The nominal interest rate & real interest rate rise. As the real interest rate rises, expenditure
plans are cut back & eventually the original full-employment equilibrium is restored.
In the new long-run equilibrium, price level has risen 10 percent but nothing real has changed.
The Quantity Theory of Money
The quantity theory of money is the proposition that, in the long run, an increase in the
quantity of money brings an equal percentage increase in the price level.
The quantity theory of money is based on the velocity of circulation and the equation of
The velocity of circulation is the average number of times in a year a dollar is used to purchase
goods and services in GDP.
Calling the velocity of circulation V, the price level P, real GDP Y, and the quantity of money M:
V = PY ÷ M.
The equation of exchange states that: MV = PY.
This equation becomes the quantity theory of money if M does not influence V or Y.
So in the long run, the change in P is proportional to the change in M.
Expressing the equation of exchange in growth rates:
Money growth rate + Rate of velocity change = Inflation rate + Real GDP growth
In the long run, velocity does not change, so
Inflation rate = Money growth rate Real GDP growth Chapter 25: Exchange Rates
The Foreign Exchange Market
To buy goods and services produced in another country we need money of that country.
Foreign bank notes, coins, and bank deposits are called foreign currency.
The foreign exchange market is the market in which the currency of one country is exchanged
for the currency of another.
The price at which one currency exchanges for another is called a foreign exchange rate.
Currency value → value of a currency is always given in terms of another currency
o £/$ → Value of Canadian Dollar in terms of pounds (pounds per dollar)
o $/£ → Value of pounds in terms of Canadian Dollar (dollars per pound)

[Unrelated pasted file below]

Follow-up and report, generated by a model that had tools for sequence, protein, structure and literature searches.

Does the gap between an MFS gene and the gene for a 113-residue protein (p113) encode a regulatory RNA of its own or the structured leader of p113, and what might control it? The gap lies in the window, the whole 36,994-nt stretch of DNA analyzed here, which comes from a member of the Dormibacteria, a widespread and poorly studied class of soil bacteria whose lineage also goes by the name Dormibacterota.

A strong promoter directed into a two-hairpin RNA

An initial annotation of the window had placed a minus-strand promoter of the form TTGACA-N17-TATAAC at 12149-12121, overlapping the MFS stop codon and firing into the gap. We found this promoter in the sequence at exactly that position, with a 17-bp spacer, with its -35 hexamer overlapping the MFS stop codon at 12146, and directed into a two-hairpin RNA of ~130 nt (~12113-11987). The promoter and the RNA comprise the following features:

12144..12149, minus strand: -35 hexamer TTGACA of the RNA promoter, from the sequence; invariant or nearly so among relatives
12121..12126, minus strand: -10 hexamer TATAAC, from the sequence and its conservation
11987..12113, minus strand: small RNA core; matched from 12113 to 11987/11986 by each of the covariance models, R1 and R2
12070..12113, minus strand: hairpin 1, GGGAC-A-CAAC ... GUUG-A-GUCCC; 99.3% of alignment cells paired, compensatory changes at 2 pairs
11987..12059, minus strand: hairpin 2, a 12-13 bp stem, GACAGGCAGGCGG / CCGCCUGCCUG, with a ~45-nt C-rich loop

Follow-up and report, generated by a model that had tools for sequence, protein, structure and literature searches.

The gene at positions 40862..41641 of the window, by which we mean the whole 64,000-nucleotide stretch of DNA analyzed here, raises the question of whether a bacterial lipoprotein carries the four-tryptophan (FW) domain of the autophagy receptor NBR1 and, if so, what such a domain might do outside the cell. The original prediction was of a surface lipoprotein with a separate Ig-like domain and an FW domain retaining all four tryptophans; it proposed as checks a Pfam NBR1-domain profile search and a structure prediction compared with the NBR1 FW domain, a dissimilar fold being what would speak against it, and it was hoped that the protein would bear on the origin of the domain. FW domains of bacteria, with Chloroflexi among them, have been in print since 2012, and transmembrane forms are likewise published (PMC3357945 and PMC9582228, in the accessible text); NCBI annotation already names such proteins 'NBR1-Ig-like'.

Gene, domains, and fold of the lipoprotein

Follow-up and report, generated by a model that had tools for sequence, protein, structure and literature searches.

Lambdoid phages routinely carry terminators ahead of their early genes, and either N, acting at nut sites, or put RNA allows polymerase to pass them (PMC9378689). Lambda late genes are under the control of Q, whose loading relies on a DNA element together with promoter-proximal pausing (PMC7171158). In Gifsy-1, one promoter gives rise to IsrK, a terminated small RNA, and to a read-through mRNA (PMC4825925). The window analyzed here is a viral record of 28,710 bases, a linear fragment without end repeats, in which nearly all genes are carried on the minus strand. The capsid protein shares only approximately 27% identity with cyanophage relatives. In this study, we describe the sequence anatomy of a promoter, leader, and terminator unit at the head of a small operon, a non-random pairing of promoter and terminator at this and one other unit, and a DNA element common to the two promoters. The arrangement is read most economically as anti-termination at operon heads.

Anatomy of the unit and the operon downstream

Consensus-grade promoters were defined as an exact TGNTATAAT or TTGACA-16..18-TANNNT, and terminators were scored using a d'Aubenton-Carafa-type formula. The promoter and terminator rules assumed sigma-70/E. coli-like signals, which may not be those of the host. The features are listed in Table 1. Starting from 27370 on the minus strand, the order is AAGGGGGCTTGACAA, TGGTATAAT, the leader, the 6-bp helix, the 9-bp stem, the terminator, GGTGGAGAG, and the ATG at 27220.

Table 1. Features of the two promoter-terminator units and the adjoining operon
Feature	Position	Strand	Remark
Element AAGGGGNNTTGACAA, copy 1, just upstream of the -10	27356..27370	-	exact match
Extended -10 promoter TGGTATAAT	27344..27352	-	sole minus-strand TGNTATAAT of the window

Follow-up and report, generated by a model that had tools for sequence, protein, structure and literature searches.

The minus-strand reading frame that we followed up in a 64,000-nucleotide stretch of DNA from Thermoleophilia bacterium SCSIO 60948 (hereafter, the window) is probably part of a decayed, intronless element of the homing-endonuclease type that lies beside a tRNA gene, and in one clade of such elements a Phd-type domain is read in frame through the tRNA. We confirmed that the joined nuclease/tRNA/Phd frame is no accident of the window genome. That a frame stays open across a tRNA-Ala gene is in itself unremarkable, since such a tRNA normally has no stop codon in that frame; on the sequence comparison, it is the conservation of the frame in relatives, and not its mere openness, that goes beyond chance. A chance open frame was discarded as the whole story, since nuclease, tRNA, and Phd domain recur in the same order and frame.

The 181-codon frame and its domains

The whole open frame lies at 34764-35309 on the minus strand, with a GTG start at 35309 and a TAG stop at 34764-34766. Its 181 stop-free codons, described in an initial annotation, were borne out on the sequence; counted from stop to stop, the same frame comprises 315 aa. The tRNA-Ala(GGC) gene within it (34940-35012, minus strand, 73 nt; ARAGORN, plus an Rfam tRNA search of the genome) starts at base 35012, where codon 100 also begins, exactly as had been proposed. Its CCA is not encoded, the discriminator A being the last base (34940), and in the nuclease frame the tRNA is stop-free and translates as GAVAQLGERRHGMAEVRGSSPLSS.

Currency appreciation/depreciation → Occurs when currency’s value increases/decreases in
terms of another currency
An exchange rate is the price—the price of one currency in terms of another. Like all prices, an
exchange rate is determined in a market—the foreign exchange market.
The Canadian dollar is demanded and supplied by thousands of traders every hour of every
day. With many traders and no restrictions, the foreign exchange market is a competitive
The Demand for One Money Is the Supply of Another Money
When people who are holding one money want to exchange it for Canadian dollars, they
demand Canadian dollars and they supply that other country’s money.
Demand in the Foreign Exchange Market
The quantity of Canadian dollars that traders/Investors plan to buy in the foreign exchange
market during a given period depends on
1. The exchange rate
2. World demand for Canadian exports
3. Interest rates in the US and other countries, in comparison to those in Canada
4. The expected future exchange rate
The demand for dollars is a derived demand: People buy Canadian dollars so that they can buy
Canadian-produced goods and services or Canadian assets, not just to have the actual
Canadian Dollar in hand. Other things remaining the same, the higher the exchange rate, the
smaller is the quantity of Canadian dollars demanded in the foreign exchange market.
The exchange rate influences the quantity of Canadian dollars demanded for two reasons:
Exports Effect: The larger the value of Canadian exports, the greater is the quantity of
Canadian dollars demanded on the foreign exchange market. The lower the exchange rate, the
greater is the value of Canadian exports, so the greater is the quantity of CAD demanded.
Expected Profit Effect: The larger the expected profit from holding CAD, the greater is the
quantity of CAD demanded today. But expected profit depends on the exchange rate. The
lower today’s exchange rate, other things remaining the same, the larger is the expected profit
from buying CAD and the greater is the quantity of CAD demanded today. Supply in the Foreign Exchange Market
The quantity of Canadian dollars supplied in the foreign exchange market is the amount that
traders plan to sell during a given time period at a given exchange rate, & depends on:
1. The exchange rate
2. Canadian demand for imports
3. Interest rates in Canada and other countries
4. The expected future exchange rate
Other things remaining the same, the higher the exchange rate, the greater is the quantity of
Canadian dollars supplied in the foreign exchange